With the recent siege at Lindt Café in Sydney’s Martin Place dominating media, it is challenging to shield our children from such distressing news and images.

Young minds that are still developing may struggle to process such complex and traumatic exposure to violent news events. With 24 hour news coverage streaming before their eyes, it may be difficult for them to sensibly assess their distance from the danger and if exposed to this type of tragedy they could develop post traumatic stress disorder symptoms.

Here are some ways we can help our children cope:

Reduce Media Noise

Whenever you can, resist the temptation to monitor unfolding situations with radio, television, tablet, smart phone or newspapers in front of children.

If possible, change your tv station to one that doesn’t feature news updates or put on a film.

Watch What You Say Around Them

It is easy to forget that children are expert eavesdroppers especially when they know something big is happening! If you are trying to shield them from events in the news, be aware of who may be listening when you are discussing the events with others. You could undo all your good work in one unguarded moment.

Help Them Understand The Media

With constantly updated reports and editorials appearing in media during and after a traumatic event, helping your children critically analyse news reports by explaining some of the language and techniques used by media to convey emotions such as fear and sadness them can help them gain greater perspective.

This is especially important in social media, where wild speculation and “Chinese Whispers” can morph a news event into scary and strange territory. You could ask your children what they may have seen and how they can assess may or may not be true. Teaching them to consider the source or authority would be a helpful tool for their critical assessment.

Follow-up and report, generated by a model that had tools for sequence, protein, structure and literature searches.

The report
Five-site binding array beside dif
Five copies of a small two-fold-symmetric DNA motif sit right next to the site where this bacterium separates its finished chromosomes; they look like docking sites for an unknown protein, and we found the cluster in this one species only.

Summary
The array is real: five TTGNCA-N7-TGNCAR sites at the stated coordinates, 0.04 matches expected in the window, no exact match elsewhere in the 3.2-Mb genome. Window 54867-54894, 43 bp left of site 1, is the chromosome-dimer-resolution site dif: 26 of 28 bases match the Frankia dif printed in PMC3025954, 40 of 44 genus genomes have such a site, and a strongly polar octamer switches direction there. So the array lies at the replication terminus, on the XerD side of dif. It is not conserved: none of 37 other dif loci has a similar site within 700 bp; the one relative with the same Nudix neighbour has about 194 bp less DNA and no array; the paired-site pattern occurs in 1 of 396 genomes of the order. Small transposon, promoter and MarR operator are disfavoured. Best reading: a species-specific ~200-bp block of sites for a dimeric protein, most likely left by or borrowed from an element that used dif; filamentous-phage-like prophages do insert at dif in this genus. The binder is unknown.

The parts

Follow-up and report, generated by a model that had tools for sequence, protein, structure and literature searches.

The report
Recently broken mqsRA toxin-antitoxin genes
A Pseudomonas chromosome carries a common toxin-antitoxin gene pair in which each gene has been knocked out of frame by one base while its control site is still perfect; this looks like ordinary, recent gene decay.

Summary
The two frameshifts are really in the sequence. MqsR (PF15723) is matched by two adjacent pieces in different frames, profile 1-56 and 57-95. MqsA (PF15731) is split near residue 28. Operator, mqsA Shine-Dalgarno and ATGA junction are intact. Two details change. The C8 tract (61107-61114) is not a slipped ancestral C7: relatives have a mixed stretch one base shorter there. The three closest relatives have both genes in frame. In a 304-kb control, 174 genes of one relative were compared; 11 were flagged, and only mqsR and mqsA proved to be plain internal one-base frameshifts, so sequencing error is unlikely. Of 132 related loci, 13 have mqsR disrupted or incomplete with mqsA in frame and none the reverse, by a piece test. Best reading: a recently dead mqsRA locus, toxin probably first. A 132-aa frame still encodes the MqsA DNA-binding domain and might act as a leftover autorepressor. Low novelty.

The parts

Talk With Them

If they already know, discuss the event with your children. What do they know and how do they feel about the event? Give accurate and age appropriate information about the event and how it makes you feel. Allow them to share their feelings and only interrupt to ask questions or correct incorrect statements.

Be Patient

If recent events have affected your children, they may exhibit signs of distress such as poor concentration, moodiness, altered appetite, not wanting to leave your side or disrupted sleep. Your best approach is to be kind and patient with them during this time as they settle. Should you have greater concerns or these issues persist, consult with your GP for assistance.

Find Perspective

Events like the Martin Place Siege can change how children feel about society and people. This is the time to highlight stories about those who have helped [government, organisations, agencies, people] and the rare nature of these types of events to help counteract any feelings of insecurity or vulnerability.

Be Positive

Help your children look for the positives.

Mr Rogers, a beloved children’s tv host and educator, famously said “When I was a boy and I would see scary things in the news, my mother would say to me, “Look for the helpers. You will always find people who are helping.”



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